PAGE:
Sunday, March 15, 2015

What are the Most Important Geologic Roadcuts in California? A Candidate in Coulterville

In a recent post, I explored the geology of the Charlie Brown outcrop. It included excellent examples of normal faults, welded tuff, and airfall tuff, features that served as a microcosm of the geology of the entire province. I was on a field trip this weekend and saw another famous roadcut that encapsulates the geology of a different region. It was the Coulterville exposure of the Mother Lode quartz veins. It can be seen a few hundred feet west of the main junction in the village on Highway 132.
Despite extending for more than a hundred miles through the western Sierra Nevada foothills, the quartz veins of the Mother Lode are surprisingly hard to see in detail. In many places the rock has simply been removed by mining. In other instances the veins are on private property and are not accessible. But in Coulterville, the full extent of the minerals and faults of the Mother Lode are wonderfully exposed.

During the Jurassic Period, a vast subduction zone formed the margin of the western edge of the North American continent. Oceanic crust was being driven downward into the mantle, where parts of it melted to form granitic intrusions. In the Cretaceous, the focus of subduction moved west to where the Coast Ranges are today. The old subduction zone provided an avenue for mineralized solutions to rise towards the surface, where they precipitated quartz and metal deposits including gold and copper. The Melones fault was part of this system of fractures, and runs from Mariposa to Sierra City. Much of the Gold Rush gold was found in the vicinity of this fault zone. Highway 49 follows closely along the trace of the fault as well.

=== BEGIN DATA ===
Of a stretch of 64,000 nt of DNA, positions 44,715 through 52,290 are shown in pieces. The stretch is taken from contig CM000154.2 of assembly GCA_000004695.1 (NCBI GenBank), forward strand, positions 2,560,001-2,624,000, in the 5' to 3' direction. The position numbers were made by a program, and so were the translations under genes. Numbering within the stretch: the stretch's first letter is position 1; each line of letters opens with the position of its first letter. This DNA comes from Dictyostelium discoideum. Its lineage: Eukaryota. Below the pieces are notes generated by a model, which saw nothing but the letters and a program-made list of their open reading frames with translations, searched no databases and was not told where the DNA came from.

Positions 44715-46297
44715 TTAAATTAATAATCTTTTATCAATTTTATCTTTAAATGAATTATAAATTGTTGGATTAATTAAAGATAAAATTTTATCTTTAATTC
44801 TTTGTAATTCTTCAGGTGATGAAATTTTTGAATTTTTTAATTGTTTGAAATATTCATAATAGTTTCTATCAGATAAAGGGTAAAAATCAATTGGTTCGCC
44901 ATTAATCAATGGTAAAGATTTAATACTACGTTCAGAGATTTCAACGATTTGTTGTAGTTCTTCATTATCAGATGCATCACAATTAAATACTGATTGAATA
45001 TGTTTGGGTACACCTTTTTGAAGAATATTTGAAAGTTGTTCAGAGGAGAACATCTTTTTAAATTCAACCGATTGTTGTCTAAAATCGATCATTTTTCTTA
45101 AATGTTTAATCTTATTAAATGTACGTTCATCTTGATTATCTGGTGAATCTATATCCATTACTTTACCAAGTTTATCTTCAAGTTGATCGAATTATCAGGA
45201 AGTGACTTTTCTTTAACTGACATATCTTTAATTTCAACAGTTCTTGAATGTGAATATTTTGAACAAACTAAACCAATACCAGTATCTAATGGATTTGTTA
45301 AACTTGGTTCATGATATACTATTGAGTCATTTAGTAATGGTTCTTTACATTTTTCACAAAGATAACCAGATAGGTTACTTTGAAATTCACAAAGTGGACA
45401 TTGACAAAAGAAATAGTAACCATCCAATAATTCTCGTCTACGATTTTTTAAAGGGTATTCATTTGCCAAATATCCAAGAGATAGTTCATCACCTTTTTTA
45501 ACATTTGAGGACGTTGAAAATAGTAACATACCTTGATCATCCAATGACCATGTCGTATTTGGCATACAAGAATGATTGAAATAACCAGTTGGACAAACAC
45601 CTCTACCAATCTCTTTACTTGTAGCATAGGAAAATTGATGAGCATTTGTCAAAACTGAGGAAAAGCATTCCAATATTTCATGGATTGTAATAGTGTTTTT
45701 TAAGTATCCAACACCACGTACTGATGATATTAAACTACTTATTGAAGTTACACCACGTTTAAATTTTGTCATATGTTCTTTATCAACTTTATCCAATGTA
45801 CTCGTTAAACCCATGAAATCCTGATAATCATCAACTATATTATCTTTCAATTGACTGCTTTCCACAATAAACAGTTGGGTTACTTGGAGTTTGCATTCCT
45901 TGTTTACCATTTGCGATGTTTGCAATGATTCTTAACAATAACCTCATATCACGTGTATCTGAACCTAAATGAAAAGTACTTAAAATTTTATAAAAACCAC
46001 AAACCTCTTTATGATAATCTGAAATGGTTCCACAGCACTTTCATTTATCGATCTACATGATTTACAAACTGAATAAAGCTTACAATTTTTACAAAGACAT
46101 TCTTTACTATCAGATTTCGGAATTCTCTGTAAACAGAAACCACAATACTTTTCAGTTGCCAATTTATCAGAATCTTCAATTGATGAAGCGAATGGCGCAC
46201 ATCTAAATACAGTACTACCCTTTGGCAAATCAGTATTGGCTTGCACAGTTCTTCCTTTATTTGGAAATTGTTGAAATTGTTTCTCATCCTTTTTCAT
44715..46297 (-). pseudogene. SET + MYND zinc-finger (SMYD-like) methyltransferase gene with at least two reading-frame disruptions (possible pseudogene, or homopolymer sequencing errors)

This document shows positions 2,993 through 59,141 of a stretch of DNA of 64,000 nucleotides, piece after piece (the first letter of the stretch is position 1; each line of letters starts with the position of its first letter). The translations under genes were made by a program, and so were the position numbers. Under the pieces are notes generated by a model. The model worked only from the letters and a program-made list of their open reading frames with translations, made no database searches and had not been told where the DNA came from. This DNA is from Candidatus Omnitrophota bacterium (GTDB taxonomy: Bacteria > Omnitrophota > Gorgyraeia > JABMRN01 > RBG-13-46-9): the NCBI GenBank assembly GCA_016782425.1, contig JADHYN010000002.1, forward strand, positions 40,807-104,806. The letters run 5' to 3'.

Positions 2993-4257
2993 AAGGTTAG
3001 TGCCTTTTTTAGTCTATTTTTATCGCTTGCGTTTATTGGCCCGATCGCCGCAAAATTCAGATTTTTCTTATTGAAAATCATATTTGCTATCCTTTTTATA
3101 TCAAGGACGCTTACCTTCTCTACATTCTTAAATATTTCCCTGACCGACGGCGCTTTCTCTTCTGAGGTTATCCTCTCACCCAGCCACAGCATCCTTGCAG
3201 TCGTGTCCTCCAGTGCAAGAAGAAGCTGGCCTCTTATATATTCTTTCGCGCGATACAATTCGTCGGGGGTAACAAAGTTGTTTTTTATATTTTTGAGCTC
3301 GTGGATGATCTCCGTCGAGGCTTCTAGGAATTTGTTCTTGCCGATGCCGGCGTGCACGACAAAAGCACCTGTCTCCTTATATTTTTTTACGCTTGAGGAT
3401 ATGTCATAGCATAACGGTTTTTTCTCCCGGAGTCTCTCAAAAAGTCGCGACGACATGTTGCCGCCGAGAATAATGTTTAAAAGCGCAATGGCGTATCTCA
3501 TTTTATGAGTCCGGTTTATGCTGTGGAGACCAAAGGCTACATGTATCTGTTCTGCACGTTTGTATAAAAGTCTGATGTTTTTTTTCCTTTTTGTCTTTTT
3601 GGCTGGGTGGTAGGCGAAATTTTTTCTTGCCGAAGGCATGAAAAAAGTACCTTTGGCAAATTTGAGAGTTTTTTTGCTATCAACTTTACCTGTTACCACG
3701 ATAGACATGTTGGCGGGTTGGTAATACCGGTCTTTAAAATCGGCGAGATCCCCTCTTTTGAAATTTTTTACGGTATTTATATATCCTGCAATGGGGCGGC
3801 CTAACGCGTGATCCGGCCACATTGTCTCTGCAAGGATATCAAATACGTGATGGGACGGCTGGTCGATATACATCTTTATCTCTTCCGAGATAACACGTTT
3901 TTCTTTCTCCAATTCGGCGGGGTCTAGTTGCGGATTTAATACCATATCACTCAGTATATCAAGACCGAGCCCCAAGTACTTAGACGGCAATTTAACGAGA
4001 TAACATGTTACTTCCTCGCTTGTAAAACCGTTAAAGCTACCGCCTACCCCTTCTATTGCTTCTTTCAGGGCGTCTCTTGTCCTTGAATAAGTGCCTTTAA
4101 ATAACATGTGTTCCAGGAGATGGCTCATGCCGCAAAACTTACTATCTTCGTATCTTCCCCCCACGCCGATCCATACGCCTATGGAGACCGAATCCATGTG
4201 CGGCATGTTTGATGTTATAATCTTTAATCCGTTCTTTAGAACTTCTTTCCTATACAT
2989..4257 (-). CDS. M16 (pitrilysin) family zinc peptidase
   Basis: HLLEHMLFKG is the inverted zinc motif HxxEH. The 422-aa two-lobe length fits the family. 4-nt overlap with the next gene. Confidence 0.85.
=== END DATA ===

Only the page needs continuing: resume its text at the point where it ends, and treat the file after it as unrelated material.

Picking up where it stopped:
Mariposite at the Coulterville roadcut
The outcrop at Coulterville is the boundary between two terranes, bits of crust that were carried across the Pacific and added to the edge of the continent. The Calaveras Complex lies east of the fault, and the Foothills Terrane is found to the west. The fault zone exposes quartz veins, pyrite, and a unique mineral assemblage of quartz, ankerite, and mariposite. The ankerite is an iron-magnesium carbonate mineral similar to dolomite. The mariposite is an exceedingly rare mineral elsewhere in the world, but is found at many sites along the Melones fault. It is a chrome mica mineral formed when serpentine rock was altered by hot fluids moving up through the fault system. It was a good indicator of possible gold mineralization.
So, I'm wondering what your candidates are for the most significant geological roadcuts in California? I've reviewed the Charlie Brown outcrop, and the Big Pumice Cut that was critical to understanding the age relationships between the glacial tills and volcanic deposits in the eastern Sierra Nevada. I imagine the spectacular folded beds adjacent to the San Andreas fault along Highway 14 in Palmdale might be included. What others would you suggest?
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